Don’t Take Afence But …

Plot 17 – The Earthly Comforts Garden

Season Two – Planning Plot 17 January – April 2023

The Allotment Plotters Directory
Don’t Take Afence But …

Part One
A garden is a grand teacher. It teaches patience and careful watchfulness; it teaches industry and thrift; above all it teaches entire trust.

Gertrude Jekyll

The gallery displays various plot areas and their respective fencing, which l will go into more detail about in the next few episodes as the work is completed.

In short, however –

Netting is required in two places – behind the raspberry strip and along the main fence line, where you can see green mesh already. That particular fence line is relatively weak and needs strengthening as well.

A back gate is needed, which will be completed by staking a pallet into the location.

The paling fence is required in two locations – in front of the allotment facing the grass pathway and along the hedge line.

Stock fencing has been erected around the orchard area where the polytunnel is to be sited but still needs work carried out this Sunday in the form of round fence poles. Once complete, Suze is set to weave willow and raspberry canes and fill the inner section with collected twigs. This will make for an effective wind barrier and a decorative fence line.

A mixed-height stake line of short garden stakes will be worked on today by myself, and this is to be the middle line between the edge of the compost working space and where the blueberries are to be planted.

More wire or soft stock line fencing has already been realigned to the wiring at the end of the compost run.

The gallery above will only make sense once you see the improvements l will cover in the next few episodes.

We have a lot of different projects on the go concerning Plot 17. Yesterday, for instance, l ordered four 200-litre water butts for the rainwater harvesting project we need to have ready for the allotment. The Butchery garden clients – our friends have said they will help wherever possible.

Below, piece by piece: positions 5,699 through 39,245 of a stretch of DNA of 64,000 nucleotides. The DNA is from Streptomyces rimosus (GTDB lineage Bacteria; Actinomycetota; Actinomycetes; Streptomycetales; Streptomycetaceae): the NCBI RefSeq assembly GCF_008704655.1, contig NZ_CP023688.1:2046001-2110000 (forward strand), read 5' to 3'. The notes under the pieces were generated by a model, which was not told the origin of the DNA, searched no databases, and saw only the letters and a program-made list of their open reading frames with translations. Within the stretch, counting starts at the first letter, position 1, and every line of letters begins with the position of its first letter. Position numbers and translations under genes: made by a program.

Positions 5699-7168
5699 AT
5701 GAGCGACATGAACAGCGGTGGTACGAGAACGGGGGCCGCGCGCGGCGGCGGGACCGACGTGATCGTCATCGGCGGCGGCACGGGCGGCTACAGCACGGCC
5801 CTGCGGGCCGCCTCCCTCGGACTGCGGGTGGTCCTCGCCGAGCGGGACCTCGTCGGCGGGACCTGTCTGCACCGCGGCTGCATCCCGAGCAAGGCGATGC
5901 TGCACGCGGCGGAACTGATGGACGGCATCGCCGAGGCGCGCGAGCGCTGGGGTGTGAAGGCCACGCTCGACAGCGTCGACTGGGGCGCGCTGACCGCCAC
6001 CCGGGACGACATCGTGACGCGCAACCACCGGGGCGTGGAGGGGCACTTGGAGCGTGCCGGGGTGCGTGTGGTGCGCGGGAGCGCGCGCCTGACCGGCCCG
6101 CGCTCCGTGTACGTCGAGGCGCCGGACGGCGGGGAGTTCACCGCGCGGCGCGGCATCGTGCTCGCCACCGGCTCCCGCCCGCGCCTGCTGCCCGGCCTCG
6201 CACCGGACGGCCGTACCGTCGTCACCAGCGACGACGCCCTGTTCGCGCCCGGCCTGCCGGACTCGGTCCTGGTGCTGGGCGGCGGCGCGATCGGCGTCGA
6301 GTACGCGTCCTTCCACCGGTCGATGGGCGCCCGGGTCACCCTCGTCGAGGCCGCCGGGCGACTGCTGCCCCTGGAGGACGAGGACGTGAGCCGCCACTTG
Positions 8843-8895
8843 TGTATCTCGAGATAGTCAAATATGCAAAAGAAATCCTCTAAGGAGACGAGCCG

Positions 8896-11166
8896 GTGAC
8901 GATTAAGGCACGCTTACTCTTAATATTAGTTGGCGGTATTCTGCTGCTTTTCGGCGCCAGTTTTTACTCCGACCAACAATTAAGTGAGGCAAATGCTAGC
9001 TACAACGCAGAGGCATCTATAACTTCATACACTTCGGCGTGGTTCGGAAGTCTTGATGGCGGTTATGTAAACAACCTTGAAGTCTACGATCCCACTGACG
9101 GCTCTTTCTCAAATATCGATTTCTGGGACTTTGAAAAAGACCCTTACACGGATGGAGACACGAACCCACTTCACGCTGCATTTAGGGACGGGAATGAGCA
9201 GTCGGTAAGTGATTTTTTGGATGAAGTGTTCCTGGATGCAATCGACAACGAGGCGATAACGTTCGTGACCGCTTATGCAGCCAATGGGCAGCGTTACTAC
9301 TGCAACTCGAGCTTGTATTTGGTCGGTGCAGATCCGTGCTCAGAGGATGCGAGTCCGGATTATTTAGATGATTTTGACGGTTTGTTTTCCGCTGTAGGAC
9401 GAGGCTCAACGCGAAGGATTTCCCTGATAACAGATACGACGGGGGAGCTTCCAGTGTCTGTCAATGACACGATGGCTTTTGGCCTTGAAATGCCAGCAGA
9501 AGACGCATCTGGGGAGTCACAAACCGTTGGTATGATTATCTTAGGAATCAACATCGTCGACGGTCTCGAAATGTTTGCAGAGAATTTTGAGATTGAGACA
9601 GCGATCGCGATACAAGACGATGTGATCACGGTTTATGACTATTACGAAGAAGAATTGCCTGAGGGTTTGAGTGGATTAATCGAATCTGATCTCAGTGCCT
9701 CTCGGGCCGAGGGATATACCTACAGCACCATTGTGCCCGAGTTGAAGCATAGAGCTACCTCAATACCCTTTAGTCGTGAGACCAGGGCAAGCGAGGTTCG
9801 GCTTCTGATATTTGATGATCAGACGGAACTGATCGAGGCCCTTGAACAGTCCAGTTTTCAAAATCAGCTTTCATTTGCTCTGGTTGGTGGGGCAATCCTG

James, the property developer, is also a gifted wood crafter, and he has said he will build and erect a roofed and guttered station shelter for me which will be placed over the water butts and feed rainwater into them.

Having a purpose build shelter will aid the allotment. The four main butts will hold 800 litres, but we also have six additional barrels for water, with maybe another 600 litres capacity. They’ll not be attached to the harvester, but we can easily cart the surplus water around. We will always be on the lookout for other water butts and upright compost Daleks, which are valuable for extra storage.

Although piped water is available on the allotment, we wish to use something other than tap water but rainwater which is much better for the vegetables.

One other project which started this week, and indeed Suze was working with last Monday and as well as l will be working with today, is the fencing project.

We have four areas requiring dedicated fencing – only a few repairs – but replacement, shoring up, and strengthening in the main.

There are four types of fencing required as well for different areas. The gallery displays three such regions and the back gate but does not display the hedge fencing as there is or instead was quite a bit of clutter there, making photography awkward.

These four are paling [picket fence], staking [quarter stakes], wiring [stock and wire fencing] and netting [wind protection].

In all, the fencing of the allotment is okay, but because we wish to have a polytunnel in place – we need to shore up all of our existing fencing now. None of the fencings has received any renewal since Mike and his wife had the allotment ten years ago.

We do have another protection method for the polytunnel, which is to build an external framework to allow for additional wind protection. The tunnel has cost us £1000, which is a lot of money, and whilst we deliberately opted for a dearer one because of increased wind protection, we don’t want to lose it in high winds. So we will protect it as much as we can.

I hope you have enjoyed this post, thanks for reading and I’ll see you next time. Till then, have yourselves a terrific day!

The Autistic Composter

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Published by The Autistic Composter

Earthly Comforts is a wildlife journaling scrapbook focusing on the countryside, wildlife biodiversity and environmental conservation, flora and fauna volunteering projects, gardening, composting and vermiculture, inspiration, poetry and photography.

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